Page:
by Linda Hovanec, Wolters Kluwer's ELM Solutions

Artificial intelligence (AI) promises to be the most disruptive class of technologies in driving digital business forward during the next ten years. Yet even among the most tech-savvy professionals, there is conflict over what it can and cannot do. The most promising aspect of applying AI in the legal profession lies in automating simple and repetitive tasks, like e-discovery or legal bill review, while enabling human experts to improve results beyond what machines or people could do alone. This combination allows for improved productivity, while driving significant time and resource savings.

AI in the Legal Department

In 2014 and 2015, a steady stream of PR revealed AI as the secret sauce behind Amazon and Netflix recommendations, Facebook’s image recognition, virtual assistants such as Apple’s Siri, Microsoft’s Cortana and Amazon’s Alexa, Google’s smarter search results and more. As the coverage grew, it helped put a real value on AI technology.

AI as a concept has been part of popular science fiction for decades. But it is only in the last few years that it has become a nearly ubiquitous topic of conversation among legal industry leaders, at conferences on legal technology, and in popular legal industry publications. Legal departments are starting to see potential in AI, and some have begun to adopt it, albeit very slowly.

Because the term “artificial intelligence” typically is not well understood outside of the software industry, some legal professionals have a vague notion of it as future technology that is not yet ready for use in a legal context. Or they may think of it as a general term for using computing power and data in a way that blurs the boundary between what humans and machines can do. Even as lawyers develop a better understanding of AI’s practical uses, they are not always ready to adopt new, unfamiliar technology.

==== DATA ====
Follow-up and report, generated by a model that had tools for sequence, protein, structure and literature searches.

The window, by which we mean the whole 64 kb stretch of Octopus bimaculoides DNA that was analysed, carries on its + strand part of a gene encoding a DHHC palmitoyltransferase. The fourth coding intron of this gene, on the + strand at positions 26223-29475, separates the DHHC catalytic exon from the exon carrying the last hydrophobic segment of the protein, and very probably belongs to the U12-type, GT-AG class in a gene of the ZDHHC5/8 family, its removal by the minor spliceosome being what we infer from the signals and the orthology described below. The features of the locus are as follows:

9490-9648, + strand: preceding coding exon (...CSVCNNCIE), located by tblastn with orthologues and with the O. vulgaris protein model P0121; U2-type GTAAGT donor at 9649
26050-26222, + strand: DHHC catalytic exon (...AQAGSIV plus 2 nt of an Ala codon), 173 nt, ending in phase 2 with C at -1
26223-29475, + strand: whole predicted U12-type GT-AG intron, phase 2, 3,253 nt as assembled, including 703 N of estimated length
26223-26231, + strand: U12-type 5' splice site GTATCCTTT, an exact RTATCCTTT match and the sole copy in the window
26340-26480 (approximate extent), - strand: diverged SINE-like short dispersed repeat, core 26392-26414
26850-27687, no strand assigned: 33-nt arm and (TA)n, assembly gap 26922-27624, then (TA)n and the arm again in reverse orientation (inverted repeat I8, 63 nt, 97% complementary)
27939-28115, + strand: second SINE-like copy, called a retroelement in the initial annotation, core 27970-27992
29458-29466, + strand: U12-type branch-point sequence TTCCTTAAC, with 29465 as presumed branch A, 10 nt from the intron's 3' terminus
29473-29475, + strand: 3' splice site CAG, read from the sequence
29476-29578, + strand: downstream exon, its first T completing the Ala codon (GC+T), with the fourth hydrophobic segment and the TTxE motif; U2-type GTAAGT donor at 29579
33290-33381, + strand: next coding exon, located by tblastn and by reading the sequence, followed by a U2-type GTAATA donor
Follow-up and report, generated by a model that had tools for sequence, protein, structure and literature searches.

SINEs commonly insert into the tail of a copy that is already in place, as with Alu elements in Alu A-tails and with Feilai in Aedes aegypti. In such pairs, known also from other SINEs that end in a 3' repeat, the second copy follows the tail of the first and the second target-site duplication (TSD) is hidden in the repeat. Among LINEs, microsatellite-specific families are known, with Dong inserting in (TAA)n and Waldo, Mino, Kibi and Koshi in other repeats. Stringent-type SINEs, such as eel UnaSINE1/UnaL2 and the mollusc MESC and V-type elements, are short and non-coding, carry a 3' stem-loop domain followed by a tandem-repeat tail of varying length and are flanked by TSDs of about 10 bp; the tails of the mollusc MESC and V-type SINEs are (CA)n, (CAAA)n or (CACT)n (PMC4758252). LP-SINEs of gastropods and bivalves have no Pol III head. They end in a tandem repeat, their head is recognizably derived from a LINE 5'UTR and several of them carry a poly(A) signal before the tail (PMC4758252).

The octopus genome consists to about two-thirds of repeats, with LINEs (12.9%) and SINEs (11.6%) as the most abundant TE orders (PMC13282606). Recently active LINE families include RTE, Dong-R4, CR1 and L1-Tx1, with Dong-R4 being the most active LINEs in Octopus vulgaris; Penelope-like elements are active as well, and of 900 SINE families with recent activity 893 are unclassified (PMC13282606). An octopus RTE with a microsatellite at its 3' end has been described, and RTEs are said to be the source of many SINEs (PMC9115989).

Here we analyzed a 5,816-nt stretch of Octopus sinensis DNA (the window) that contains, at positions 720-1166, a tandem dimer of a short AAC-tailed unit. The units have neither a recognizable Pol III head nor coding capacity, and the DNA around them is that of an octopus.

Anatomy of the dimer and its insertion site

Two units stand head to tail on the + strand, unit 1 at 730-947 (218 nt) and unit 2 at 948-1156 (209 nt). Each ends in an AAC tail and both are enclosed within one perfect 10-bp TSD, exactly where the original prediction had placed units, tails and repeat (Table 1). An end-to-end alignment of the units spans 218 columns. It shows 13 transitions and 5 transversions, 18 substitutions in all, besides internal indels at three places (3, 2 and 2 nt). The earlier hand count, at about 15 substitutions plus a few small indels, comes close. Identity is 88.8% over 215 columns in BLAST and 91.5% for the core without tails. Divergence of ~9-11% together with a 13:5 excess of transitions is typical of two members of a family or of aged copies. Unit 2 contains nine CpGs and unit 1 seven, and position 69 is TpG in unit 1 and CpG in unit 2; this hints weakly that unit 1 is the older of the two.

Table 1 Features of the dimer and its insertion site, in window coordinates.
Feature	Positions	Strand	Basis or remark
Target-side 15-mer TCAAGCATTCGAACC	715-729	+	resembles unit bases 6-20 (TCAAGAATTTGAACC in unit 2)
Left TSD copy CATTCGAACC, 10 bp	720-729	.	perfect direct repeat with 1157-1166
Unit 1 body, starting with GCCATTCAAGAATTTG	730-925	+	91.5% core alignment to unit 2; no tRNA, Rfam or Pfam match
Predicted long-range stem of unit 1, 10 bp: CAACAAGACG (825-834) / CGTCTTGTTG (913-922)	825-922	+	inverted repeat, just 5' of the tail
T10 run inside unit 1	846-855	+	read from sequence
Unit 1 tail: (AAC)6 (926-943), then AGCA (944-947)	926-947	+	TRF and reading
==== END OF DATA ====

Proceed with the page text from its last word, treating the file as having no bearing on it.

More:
While some attorneys are understandably concerned about their job security in a legal department where AI is used, AI will not replace lawyers. However, lawyers who do not leverage the power of AI may well be replaced by those who successfully harness the benefits of these new capabilities.

Today, AI offers only narrow intelligence, which allows it to perform very specific tasks well. The general intelligence required for highly skilled professions, such as law, is far beyond the grasp of current techniques in AI. In order to be effective, AI requires people, process and technology all working together. In a legal operations environment, this means:

  • Experts who define the solution and help oversee its implementation;
  • A service model that delivers the work in a way that meets the department’s and clients’ needs; and
  • AI technology that provides information tracking, workflow and reporting to improve efficiency.